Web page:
Do not harm homosexuals, Archbishop Odama appeals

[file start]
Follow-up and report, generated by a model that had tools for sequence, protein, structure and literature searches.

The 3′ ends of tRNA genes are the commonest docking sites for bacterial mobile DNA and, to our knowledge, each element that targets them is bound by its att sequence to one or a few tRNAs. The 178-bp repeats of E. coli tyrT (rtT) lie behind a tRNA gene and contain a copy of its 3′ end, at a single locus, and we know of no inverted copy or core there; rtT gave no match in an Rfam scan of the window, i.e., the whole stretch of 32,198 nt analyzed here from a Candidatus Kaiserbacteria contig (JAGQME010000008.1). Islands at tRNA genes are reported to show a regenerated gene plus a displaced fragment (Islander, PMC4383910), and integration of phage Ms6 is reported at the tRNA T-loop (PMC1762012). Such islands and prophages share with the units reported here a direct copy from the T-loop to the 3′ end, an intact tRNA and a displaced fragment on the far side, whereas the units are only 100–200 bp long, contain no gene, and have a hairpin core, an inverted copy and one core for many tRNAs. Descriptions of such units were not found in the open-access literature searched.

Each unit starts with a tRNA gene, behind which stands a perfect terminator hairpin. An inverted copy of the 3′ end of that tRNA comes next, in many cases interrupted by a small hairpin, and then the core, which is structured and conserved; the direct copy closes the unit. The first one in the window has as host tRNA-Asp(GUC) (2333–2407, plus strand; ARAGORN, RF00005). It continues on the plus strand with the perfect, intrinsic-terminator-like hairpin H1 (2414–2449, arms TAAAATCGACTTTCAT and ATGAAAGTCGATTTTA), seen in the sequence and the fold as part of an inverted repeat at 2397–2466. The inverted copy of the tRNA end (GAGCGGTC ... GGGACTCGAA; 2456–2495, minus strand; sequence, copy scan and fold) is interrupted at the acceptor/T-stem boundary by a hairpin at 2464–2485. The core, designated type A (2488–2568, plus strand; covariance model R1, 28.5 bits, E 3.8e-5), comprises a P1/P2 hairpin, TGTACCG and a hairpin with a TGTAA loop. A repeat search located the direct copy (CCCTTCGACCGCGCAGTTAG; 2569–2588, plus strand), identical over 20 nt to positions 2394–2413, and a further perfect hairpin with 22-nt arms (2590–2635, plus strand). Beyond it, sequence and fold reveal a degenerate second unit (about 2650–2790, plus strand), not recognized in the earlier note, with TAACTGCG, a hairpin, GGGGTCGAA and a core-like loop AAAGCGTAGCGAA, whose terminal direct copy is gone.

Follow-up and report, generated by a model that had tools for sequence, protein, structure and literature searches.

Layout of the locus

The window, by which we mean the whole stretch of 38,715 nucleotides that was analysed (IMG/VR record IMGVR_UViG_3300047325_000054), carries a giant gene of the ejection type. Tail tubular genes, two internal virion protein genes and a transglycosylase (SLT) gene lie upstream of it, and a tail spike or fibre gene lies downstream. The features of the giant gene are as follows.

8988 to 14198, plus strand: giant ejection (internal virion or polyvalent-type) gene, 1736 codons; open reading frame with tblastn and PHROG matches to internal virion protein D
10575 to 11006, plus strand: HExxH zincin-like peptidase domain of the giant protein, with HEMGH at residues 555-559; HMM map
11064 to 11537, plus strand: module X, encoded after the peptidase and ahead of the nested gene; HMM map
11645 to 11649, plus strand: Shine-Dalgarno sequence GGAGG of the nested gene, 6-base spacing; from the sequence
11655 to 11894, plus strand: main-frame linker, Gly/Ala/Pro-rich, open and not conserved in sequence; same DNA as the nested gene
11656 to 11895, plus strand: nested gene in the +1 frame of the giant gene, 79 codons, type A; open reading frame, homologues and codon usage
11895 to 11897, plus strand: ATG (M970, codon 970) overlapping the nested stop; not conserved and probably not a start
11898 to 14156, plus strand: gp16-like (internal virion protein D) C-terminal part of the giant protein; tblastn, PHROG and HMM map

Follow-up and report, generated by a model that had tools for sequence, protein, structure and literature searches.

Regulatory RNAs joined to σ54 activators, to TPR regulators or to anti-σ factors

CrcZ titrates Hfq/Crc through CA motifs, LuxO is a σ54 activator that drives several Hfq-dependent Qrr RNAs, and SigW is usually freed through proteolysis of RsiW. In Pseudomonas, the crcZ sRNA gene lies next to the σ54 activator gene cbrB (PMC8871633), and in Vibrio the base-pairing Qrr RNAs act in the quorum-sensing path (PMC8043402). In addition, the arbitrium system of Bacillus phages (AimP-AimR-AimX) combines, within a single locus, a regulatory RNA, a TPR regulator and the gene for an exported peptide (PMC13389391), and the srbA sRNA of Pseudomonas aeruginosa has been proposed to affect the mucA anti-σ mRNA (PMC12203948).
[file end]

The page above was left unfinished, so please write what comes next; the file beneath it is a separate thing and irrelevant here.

By Julius Ocungi Posted Monday, August 18 2014 at 01:00 IN SUMMARY The cleric says gays were created in God’s image but only deviated from a Godly lifestyle. Gulu- The Archbishop of Gulu Archdiocese, John Baptist Odama, has asked Ugandans to avoid harming homosexuals despite the fact that the Constitutional Court nullified the anti-homosexuality law on a technicality of lack of quorum. Bishop Odama said homosexuals are also human beings created in the image of God who only deviated from the Godly way of life. “Let us learn to love God’s human creatures. It is not that I am advocating for homosexual practice in the country, but we should not take laws into our hands to harm and hate the homosexuals because we all have weaknesses,” the Archbishop said. He made the remarks at Holy Rosary Catholic Church in Gulu Municipality at weekend while presiding over a wedding ceremony of Mr Patrick Omony and Ms Margret Akello. “The country has been struggling to have a law to criminalises homosexuality. However, the struggle has been frustrated by the constitutional courts. People should not take the laws into their hands and harm homosexuals, since they are also Human beings though with different sexual feelings,” he said. Archbishop Odama said the fight against homosexuality should focus on sensitising youth on the negative impacts of the practice since the vice contravenes cultural settings and norms. Earlier this month, the Constitutional Court did not rule on the substance of the anti-gay measure which allowed jail terms of up to life for homosexual offences, but threw out the law because it was passed during a session that lacked quorum. In 2012 during the installation of the Archbishop of the Church of Uganda, Stanley Ntagali, President Museveni said “gay people should not be killed or persecuted”.